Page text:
111 South Harrison St. in East Orange — Courtesy: Gebroe-Hammer Associates
By Joshua Burd
An apartment owner has sold a 10-building, 641-unit portfolio in East Orange for $113 million, in a newly announced transaction by Gebroe-Hammer Associates.
According to the brokerage team, the sale by Milrose comprises a series of workforce housing assets on or near South Harrison Street. The buyer, Spaxel, is a Manhattan-based developer and investment firm that is marking its largest acquisition in New Jersey to date.
Gebroe-Hammer Executive Managing Director Joseph Brecher spearheaded the transaction on behalf of both parties, working with Executive Managing Director David Oropeza and Executive Vice President Niko Nicolaou. Brecher noted that the complex sale required a two-tranche closing structure that allowed for loan assumptions on three of the 10 properties by the buyer.
“While we tapped into our expertise to facilitate the existing loan assumptions — a process that required coordination with three separate servicers — we were able to successfully execute a two-phase closing just one month apart,” he said.
The portfolio features a mix of one-, two-, three-and four-bedroom layouts across the 10 properties, which include 106, 111, 120, 158, 179, 255, 275, 296 and 94 South Harrison St., along with 650 Park Ave. The largest among them is 106 South Harrison, with 119 homes.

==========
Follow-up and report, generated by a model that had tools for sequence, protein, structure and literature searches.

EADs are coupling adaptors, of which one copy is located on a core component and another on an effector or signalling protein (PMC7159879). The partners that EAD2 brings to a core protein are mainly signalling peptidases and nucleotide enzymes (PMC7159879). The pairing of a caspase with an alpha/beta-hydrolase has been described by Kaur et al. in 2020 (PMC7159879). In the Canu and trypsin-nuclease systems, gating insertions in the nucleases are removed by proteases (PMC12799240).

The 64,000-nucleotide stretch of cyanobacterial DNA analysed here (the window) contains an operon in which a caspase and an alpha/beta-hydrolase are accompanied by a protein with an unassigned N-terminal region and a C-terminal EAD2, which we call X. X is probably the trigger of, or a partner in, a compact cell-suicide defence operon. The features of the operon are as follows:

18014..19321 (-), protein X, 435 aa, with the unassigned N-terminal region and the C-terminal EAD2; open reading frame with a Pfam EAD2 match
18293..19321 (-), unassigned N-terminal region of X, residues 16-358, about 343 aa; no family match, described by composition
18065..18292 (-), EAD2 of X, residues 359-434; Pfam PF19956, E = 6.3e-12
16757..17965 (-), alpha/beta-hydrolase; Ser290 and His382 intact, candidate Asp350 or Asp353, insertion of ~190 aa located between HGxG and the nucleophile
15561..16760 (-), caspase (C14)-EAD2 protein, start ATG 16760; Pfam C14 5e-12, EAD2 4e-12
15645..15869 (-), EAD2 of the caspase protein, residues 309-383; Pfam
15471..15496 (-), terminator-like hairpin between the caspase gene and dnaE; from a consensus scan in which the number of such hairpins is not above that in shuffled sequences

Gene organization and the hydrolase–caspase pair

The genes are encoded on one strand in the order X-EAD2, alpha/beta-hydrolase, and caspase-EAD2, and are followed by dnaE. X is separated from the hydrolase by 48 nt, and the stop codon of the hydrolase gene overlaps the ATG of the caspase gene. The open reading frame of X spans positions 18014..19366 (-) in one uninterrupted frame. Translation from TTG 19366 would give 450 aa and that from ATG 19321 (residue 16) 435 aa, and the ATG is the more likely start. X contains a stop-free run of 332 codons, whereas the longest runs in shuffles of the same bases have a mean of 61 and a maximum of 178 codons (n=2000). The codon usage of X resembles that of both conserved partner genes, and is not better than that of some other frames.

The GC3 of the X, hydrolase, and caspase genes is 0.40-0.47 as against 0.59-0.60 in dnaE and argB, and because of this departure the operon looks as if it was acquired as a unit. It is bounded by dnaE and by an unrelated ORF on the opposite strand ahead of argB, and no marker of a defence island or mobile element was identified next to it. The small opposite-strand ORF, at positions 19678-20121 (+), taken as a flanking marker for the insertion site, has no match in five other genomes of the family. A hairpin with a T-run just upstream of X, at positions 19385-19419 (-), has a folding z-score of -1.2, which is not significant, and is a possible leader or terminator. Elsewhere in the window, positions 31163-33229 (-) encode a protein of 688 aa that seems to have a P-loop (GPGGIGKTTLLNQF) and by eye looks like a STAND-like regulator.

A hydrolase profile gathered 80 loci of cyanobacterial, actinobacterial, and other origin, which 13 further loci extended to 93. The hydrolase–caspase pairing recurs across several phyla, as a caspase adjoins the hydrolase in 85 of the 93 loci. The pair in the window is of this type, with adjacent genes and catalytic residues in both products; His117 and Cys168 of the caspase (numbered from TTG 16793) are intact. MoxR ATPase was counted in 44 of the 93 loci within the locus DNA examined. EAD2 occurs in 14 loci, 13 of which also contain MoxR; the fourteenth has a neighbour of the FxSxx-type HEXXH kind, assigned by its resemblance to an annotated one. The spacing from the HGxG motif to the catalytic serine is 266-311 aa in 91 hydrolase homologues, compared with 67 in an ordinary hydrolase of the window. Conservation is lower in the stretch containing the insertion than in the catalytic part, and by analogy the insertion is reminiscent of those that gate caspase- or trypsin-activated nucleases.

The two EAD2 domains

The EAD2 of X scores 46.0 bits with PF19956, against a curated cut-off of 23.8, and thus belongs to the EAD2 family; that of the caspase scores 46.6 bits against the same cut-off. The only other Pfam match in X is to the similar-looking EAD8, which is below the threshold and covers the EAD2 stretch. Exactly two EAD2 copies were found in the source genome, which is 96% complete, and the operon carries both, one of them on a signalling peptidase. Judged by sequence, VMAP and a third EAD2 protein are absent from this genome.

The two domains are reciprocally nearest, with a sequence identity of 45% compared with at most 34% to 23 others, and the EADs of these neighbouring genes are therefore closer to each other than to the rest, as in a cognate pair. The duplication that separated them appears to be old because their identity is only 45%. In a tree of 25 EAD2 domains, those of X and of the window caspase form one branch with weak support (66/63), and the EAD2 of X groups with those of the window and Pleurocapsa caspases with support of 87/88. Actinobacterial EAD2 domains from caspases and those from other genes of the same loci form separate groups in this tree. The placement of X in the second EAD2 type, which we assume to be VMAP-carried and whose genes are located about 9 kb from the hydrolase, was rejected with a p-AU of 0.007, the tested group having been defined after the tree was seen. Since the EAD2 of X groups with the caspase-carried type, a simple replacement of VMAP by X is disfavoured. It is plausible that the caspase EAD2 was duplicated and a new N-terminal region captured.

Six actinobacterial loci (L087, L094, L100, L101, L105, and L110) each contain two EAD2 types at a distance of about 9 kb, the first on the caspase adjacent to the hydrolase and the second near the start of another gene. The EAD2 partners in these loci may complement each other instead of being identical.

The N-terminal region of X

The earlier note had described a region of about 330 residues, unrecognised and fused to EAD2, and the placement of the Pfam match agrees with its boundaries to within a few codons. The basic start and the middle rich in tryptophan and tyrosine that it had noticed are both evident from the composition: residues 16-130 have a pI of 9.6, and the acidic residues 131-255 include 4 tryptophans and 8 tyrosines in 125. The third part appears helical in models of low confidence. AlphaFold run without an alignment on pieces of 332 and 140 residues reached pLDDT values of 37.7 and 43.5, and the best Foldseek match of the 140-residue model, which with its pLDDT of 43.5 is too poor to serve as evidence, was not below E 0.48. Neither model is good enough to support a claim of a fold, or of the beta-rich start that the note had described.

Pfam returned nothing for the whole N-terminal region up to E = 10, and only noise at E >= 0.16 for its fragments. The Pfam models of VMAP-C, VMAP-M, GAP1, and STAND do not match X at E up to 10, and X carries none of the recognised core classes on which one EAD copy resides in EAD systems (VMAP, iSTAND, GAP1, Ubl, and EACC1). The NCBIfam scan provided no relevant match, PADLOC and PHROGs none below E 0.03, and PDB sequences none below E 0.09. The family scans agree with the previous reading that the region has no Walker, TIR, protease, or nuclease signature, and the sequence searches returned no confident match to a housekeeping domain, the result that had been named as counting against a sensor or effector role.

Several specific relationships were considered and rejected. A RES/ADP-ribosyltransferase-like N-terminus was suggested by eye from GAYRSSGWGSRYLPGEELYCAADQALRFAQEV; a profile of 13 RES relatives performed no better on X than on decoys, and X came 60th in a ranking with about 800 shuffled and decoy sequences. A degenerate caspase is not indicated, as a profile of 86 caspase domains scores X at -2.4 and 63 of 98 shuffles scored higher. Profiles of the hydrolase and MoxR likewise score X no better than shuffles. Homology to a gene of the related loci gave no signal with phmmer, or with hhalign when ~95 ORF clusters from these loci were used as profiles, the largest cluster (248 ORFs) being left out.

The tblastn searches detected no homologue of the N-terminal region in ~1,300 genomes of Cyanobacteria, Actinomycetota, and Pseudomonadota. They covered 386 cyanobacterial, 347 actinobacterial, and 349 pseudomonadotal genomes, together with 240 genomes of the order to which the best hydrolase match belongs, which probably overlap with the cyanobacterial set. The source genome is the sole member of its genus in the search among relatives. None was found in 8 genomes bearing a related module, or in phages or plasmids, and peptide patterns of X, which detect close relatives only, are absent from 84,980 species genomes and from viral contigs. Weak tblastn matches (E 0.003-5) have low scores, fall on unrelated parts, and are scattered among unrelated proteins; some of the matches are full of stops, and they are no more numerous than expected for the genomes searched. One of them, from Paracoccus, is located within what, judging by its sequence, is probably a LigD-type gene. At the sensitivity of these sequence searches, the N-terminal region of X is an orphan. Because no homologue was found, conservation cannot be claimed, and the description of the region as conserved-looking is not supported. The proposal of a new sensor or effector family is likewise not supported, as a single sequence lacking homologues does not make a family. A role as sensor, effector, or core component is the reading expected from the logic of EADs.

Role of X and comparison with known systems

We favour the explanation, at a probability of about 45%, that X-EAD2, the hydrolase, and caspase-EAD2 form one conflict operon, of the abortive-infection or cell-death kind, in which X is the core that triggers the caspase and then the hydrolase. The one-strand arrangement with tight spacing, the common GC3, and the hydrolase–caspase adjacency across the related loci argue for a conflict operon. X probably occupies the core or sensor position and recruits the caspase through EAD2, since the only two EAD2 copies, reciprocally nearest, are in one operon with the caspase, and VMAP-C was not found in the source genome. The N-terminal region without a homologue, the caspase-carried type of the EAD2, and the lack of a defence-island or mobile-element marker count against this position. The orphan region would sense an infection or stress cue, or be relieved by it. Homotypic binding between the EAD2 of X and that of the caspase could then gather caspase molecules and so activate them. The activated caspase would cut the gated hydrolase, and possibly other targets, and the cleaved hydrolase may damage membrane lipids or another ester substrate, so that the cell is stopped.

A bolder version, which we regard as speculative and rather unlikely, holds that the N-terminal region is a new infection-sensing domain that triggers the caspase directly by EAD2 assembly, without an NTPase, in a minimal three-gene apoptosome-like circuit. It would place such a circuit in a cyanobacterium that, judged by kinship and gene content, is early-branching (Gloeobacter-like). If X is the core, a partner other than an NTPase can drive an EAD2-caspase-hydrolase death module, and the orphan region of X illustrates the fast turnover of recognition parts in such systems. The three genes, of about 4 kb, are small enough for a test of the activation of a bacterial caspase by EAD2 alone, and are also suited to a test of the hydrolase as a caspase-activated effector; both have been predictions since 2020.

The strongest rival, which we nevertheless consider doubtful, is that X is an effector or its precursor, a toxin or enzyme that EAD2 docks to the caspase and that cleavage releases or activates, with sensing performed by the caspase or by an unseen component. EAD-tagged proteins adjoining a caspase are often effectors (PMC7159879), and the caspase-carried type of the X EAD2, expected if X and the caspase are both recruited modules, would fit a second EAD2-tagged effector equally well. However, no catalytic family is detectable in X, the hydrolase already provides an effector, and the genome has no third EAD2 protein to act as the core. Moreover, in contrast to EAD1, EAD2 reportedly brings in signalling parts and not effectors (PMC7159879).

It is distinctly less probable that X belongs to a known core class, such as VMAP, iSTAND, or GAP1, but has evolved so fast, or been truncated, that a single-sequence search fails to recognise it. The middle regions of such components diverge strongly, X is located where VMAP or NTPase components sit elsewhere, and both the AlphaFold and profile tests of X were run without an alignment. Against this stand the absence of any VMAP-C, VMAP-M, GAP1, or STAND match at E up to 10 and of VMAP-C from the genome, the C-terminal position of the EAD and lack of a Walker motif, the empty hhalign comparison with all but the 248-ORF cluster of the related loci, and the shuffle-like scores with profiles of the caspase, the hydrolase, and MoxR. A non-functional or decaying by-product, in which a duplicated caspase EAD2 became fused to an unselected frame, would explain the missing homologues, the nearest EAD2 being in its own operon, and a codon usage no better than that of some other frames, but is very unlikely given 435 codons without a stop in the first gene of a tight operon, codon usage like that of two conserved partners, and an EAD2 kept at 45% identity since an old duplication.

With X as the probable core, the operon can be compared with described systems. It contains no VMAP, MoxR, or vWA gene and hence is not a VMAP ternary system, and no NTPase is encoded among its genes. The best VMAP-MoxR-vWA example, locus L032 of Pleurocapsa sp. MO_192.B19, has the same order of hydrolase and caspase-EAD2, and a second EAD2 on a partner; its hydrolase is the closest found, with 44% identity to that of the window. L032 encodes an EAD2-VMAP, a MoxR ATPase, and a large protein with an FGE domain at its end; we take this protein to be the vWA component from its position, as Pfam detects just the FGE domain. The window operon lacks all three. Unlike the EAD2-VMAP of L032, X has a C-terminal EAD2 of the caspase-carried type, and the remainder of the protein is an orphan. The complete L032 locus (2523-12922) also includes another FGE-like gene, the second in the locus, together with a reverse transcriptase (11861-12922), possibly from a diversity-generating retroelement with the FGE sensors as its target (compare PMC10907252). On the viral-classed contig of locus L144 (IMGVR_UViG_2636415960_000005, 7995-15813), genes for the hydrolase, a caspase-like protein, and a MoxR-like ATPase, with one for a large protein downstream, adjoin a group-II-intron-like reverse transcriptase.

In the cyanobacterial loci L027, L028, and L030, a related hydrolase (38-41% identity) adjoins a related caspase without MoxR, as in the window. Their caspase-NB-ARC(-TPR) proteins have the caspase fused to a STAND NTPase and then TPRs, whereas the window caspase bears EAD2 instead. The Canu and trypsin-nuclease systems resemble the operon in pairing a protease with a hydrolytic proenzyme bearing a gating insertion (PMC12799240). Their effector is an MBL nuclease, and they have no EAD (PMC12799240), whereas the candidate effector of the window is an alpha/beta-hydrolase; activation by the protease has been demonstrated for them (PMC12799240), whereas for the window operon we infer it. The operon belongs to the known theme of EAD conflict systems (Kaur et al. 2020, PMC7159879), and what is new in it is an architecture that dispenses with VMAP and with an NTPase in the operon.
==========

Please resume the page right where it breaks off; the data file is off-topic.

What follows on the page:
“Each of these properties benefits from East Orange’s greatest asset — its transit connectivity,” Brecher said. “They all are a short walk to Brick Church Station, which offers Midtown-Manhattan Direct service along the Morris & Essex Line, and have front-door NJ Transit service along five routes. Of course, highway access ramps to the Garden State Parkway, (Interstate 280) and secondary roadways round out the transportation choices for local residents.”
In announcing the deal, Gebroe-Hammer noted that East Orange has more than $1 billion worth of development activity underway, which is helping to diversify the city’s existing tenant pool while making existing apartment buildings ripe for repositioning.
“Collectively, the properties possess inherent value-add characteristics and a percentage of units that have been upgraded during the past four years or so,” said Oropeza, the firm’s East Orange and eastern Essex County market specialist. “As a result, the properties are primed for continuation of in-place enhancements under new ownership and further repositioning maturation.”